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The Eric Garner Case Weakens the Argument for Police Body Cameras

Video didn’t save the life of Eric Garner, the unarmed black man who died in July from a chokehold applied by a New York City police officer. And now it appears that video also wasn’t enough to persuade a New York grand jury to indict the officer who helped arrest the 43-year-old Garner on suspicion of selling untaxed cigarettes on Staten Island.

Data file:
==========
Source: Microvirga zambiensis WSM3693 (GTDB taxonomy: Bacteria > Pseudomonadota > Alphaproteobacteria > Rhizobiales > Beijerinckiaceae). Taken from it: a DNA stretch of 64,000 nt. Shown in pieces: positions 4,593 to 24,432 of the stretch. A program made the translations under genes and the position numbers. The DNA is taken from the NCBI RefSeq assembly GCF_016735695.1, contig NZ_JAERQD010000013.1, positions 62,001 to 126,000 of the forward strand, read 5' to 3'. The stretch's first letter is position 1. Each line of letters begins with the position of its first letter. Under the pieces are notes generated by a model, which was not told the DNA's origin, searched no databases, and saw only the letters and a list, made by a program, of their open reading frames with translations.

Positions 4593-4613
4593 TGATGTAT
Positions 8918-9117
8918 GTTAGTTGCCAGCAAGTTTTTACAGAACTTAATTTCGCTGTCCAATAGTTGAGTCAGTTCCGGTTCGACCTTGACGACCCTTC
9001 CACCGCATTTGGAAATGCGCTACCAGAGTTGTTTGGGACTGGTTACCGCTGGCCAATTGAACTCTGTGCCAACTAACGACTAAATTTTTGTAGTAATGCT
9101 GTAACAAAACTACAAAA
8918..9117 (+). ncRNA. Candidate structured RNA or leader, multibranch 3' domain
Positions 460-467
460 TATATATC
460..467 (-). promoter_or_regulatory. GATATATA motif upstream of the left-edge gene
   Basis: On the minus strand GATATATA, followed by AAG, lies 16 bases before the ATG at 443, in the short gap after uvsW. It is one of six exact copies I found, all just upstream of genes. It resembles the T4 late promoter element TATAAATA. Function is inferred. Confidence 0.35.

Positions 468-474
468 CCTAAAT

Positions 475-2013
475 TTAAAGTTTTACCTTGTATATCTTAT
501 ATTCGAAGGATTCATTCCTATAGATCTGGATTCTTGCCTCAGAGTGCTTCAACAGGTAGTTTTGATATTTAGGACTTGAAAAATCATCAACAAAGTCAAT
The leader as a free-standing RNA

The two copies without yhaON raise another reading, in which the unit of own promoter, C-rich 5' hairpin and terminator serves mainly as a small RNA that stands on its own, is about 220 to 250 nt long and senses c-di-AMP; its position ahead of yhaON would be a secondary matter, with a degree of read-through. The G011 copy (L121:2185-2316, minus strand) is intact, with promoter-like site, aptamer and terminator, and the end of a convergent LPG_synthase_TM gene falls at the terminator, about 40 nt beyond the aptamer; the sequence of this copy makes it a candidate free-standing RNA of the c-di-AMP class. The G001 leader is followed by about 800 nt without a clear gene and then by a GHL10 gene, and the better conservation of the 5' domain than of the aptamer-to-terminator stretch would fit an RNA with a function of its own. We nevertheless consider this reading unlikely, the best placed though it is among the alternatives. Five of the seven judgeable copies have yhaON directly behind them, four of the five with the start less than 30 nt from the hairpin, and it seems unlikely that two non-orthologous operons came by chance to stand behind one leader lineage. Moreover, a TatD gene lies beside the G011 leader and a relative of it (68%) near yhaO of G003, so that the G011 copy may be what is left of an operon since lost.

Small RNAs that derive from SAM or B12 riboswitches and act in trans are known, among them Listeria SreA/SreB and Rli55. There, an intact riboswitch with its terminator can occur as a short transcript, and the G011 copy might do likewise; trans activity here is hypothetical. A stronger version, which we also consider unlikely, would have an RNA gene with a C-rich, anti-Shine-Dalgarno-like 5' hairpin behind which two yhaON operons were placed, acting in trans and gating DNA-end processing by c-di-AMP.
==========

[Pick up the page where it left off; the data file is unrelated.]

That’s important because prominent public figures, including President Obama, have prescribed cameras as a way to reduce police killings of civilians, reasoning that police will be more careful if they know their actions are being recorded. There was no video evidence—and no indictment—in the shooting death of Michael Brown, an unarmed black 18-year-old who was shot to death in August by a white police officer in Ferguson, Mo., in a case that led to violent protests. The Obama administration said Dec. 1 it will seek $263 million from Congress for community policing, including $75 million to help purchase 50,000 body cameras for law enforcement agencies.